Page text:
Skip to content
Benefits

IRS Identifies Six Basic Security Safeguards to Enhance Cybersecurity

IRS News Release IR-2018-150: Tax Security 101 – Security Summit outlines “Security Six” basic safeguards for tax professionals’ computers and email (July 17, 2018)

Available at https://www.irs.gov/newsroom/tax-security-101-security-summit-outlines-security-six-basic-safeguards-for-tax-professionals-computers-and-email

The IRS has issued a news release identifying six “must-have” areas for securing taxpayer data on computers. These areas, developed by the IRS and its Security Summit partners, are intended to help tax professionals protect their computers and email as well as safeguard sensitive taxpayer data. (“Security Summit” refers to a partnership between the IRS, state tax agencies, and private-industry tax professionals. The Security Summit is conducting an awareness campaign to provide tax professionals with information to better protect taxpayer data and to prevent the filing of fraudulent tax returns. This news release is the second in a series called “Protect Your Clients; Protect Yourself: Tax Security 101.”)

The IRS highlights these protections:

  • Anti-virus software. Anti-virus software scans files or computer memory for certain patterns that may indicate the presence of malicious software (malware). Because new and updated malware is identified daily, it is important to install the latest updates and perform regular scans. Users should understand how anti-virus software operates, so they take appropriate action when suspicious patterns are detected.
  • Firewalls. Firewalls provide protection against outside attackers by shielding computers or networks from malicious or unnecessary network traffic and preventing malware from accessing the network. Firewalls can be configured to block data from certain locations or applications while allowing relevant and necessary data through. Firewalls primarily protect against malicious traffic and may not protect the device if the user accidentally installs malware. However, using a firewall in conjunction with other protective measures will strengthen resistance to attacks.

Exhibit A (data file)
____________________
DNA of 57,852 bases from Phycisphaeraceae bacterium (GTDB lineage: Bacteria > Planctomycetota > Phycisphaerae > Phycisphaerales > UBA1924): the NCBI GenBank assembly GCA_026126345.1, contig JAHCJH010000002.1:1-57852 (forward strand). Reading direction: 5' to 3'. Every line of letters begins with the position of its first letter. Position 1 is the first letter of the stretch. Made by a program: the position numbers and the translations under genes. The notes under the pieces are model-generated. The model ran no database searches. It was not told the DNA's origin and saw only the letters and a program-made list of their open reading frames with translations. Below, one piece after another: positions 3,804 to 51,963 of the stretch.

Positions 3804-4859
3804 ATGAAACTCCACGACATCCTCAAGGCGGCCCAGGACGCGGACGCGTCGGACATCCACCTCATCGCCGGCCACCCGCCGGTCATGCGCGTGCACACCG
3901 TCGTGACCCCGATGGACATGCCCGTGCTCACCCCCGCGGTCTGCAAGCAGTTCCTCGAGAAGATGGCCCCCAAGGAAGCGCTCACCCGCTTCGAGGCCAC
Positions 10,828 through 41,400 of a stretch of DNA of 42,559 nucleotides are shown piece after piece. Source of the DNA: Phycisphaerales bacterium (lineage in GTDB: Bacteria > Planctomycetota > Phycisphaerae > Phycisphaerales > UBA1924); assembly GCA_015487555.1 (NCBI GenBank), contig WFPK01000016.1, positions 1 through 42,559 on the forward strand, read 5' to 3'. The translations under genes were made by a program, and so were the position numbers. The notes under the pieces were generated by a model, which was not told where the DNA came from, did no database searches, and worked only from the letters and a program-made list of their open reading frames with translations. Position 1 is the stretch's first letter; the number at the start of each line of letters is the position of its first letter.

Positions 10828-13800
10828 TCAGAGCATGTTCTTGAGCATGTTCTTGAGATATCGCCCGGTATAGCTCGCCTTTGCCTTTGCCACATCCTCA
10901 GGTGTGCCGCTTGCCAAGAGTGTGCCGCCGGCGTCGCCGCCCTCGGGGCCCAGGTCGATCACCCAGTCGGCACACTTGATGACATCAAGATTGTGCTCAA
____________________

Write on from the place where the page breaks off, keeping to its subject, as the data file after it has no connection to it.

• Two-factor authentication. Two-factor authentication adds a layer of protection by requiring returning users to enter credentials (username and password) plus another piece of information, such as a security code texted to a mobile phone. IRS Secure Access now uses two-factor authentication to protect its online tools (see our Checkpoint article).
  • Backup software/services. In addition to recommending routinely backing up data to external sources, the Security Summit advocates encrypting the backup data.
  • Drive encryption. Users are also advised to consider drive-encryption software. Drive encryption, or disk encryption, transforms data on the computer into unreadable files for any unauthorized person accessing the computer.
  • Data security plan. Tax professionals are reminded to have a data security plan, which the IRS says is a requirement for professional tax preparers.

EBIA Comment: The IRS notes that many of these steps are a good idea not just for tax professionals but for any taxpayer or small business. And while the recommendations will be familiar to those conversant with HIPAA privacy and security requirements, all plans, plan sponsors, service providers, and advisors can find value in the IRS’s explanations. For more information, see EBIA’s HIPAA Portability, Privacy & Security manual at Sections XXVIII.C (“Safeguards (the ‘Mini-Security Rule’)”) and XXX (“Core Security Requirements”). See also EBIA’s Cafeteria Plans manual at Section XVI.E (“Electronic Administration”). You may also be interested in our recorded webinar “Learning the Ropes: An Introduction to HIPAA Privacy & Security(recorded on 1/17/18).

Contributing Editors: EBIA Staff.

  • Facebook
  • Twitter
  • Linkedin
  • Google+
  • Email

More answers